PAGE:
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Bone marrow CD34+ cell subset under induction of moderate stiffness of extracellular matrix after myocardial infarction facilitated endothelial lineage commitment in vitro

Contributed equally
Stem Cell Research & Therapy20178:280

https://doi.org/10.1186/s13287-017-0732-x

Received: 9 October 2017

Accepted: 23 November 2017

Published: 13 December 2017

Abstract

Background

The stiffness of the myocardial extracellular matrix (ECM) and the transplanted cell type are vitally important in promoting angiogenesis. However, the combined effect of the two factors remains uncertain. The purpose of this study is to investigate in vitro the combined effect of myocardial ECM stiffness postinfarction with a bone marrow-derived cell subset expressing or not expressing CD34 on endothelial lineage commitment.

Methods

Myocardial stiffness of the infarct zone was determined in mice at 1 h, 24 h, 7 days, 14 days, and 28 days after coronary artery ligation. Polyacrylamide (PA) gel substrates of different stiffnesses were prepared to mechanically mimic the myocardial ECM after infarction. Mouse bone marrow-derived CD34+ and CD34 cells were seeded on the flexible PA gels. The double-positive expression for DiI-acetylated low-density lipoprotein (acLDL) uptake and fluorescein isothiocyanate-Ulex europaeus agglutinin-1 (FITC-UEA-1) binding, the endothelial lineage antigens CD31, von Willebrand factor (vWF), Flk-1, and VE-cadherin, as well as cytoskeleton were measured by immunofluorescent staining on day 7. Cell apoptosis was evaluated by both immunofluorescent staining and flow cytometry at 24 h after culture.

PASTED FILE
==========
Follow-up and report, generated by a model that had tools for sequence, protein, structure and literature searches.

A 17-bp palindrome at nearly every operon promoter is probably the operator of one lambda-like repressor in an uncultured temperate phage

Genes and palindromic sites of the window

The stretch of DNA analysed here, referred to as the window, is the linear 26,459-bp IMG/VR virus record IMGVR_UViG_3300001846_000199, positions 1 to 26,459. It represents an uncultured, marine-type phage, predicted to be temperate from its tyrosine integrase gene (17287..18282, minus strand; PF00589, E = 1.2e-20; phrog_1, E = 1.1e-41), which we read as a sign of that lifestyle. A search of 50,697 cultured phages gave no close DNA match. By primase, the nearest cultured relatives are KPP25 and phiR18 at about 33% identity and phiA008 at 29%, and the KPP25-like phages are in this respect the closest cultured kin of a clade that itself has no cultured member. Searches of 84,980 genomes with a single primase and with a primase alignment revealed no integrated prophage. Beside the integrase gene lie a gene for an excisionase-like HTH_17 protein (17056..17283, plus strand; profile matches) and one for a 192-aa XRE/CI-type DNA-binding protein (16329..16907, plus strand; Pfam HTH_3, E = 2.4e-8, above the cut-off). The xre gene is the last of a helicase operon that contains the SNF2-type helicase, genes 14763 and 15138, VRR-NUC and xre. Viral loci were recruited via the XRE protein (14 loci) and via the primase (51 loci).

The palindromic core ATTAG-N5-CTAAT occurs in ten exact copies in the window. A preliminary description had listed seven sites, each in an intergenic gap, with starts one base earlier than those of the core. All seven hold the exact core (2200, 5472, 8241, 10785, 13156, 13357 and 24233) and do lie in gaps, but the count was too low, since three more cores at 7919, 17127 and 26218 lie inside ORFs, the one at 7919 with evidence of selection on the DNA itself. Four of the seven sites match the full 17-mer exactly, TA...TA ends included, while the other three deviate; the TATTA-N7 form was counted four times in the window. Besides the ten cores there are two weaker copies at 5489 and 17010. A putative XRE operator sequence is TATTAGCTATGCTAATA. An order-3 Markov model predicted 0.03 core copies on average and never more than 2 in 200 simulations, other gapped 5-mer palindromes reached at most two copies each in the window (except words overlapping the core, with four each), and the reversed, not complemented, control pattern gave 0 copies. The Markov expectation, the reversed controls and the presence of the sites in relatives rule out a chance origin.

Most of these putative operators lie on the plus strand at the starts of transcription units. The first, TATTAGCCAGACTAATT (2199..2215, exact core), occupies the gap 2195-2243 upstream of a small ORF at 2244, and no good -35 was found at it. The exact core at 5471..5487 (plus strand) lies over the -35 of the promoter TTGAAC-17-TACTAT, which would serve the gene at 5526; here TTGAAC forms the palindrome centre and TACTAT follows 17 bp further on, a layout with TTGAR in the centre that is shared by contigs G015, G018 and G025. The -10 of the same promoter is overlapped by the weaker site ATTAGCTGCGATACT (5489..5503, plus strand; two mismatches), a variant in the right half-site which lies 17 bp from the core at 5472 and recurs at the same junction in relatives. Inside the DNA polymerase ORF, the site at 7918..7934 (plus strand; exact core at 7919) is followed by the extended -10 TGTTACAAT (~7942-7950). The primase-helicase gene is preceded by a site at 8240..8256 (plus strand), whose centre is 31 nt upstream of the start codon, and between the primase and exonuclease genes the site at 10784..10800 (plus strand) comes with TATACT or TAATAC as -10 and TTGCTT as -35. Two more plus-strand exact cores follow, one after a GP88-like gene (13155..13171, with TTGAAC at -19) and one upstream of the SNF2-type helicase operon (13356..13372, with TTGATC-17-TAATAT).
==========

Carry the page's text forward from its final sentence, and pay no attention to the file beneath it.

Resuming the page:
Results

We found that the numbers of the CD34+ cell subset adherent to the flexible substrates (4–72 kPa) was much larger than that of the CD34 subset. More double-positive cells for DiI-acLDL uptake/FITC-UEA-1 binding were seen on the 42-kPa (moderately stiff) substrate, corresponding to the stiffness of myocardial ECM at 7–14 days postinfarction, compared with those on substrates of other stiffnesses. Similarly, the moderately stiff substrate showed benefits in promoting the positive expressions of the endothelial lineage markers CD31, vWF, Flk-1, and VE-cadherin. In addition, the cytoskeleton F-actin network within CD34+ cells was organized more significantly at the leading edge of the adherent cells on the moderately stiff (42 kPa) or stiff (72 kPa) substrates as compared with those on the soft (4 kPa and 15 kPa) substrates. Moreover, the moderately stiff or stiff substrates showed a lower percentage of cell apoptosis than the soft substrates.

Conclusions

Infarcted myocardium-like ECM of moderate stiffness (42 kPa) more beneficially regulated the endothelial lineage commitment of a bone marrow-derived CD34+ subset. Thus, the combination of a CD34+ subset with a “suitable” ECM stiffness might be an optimized strategy for cell-based cardiac repair.

Keywords

Myocardial ECM stiffnessMyocardial infarctionCD34Endothelial

Background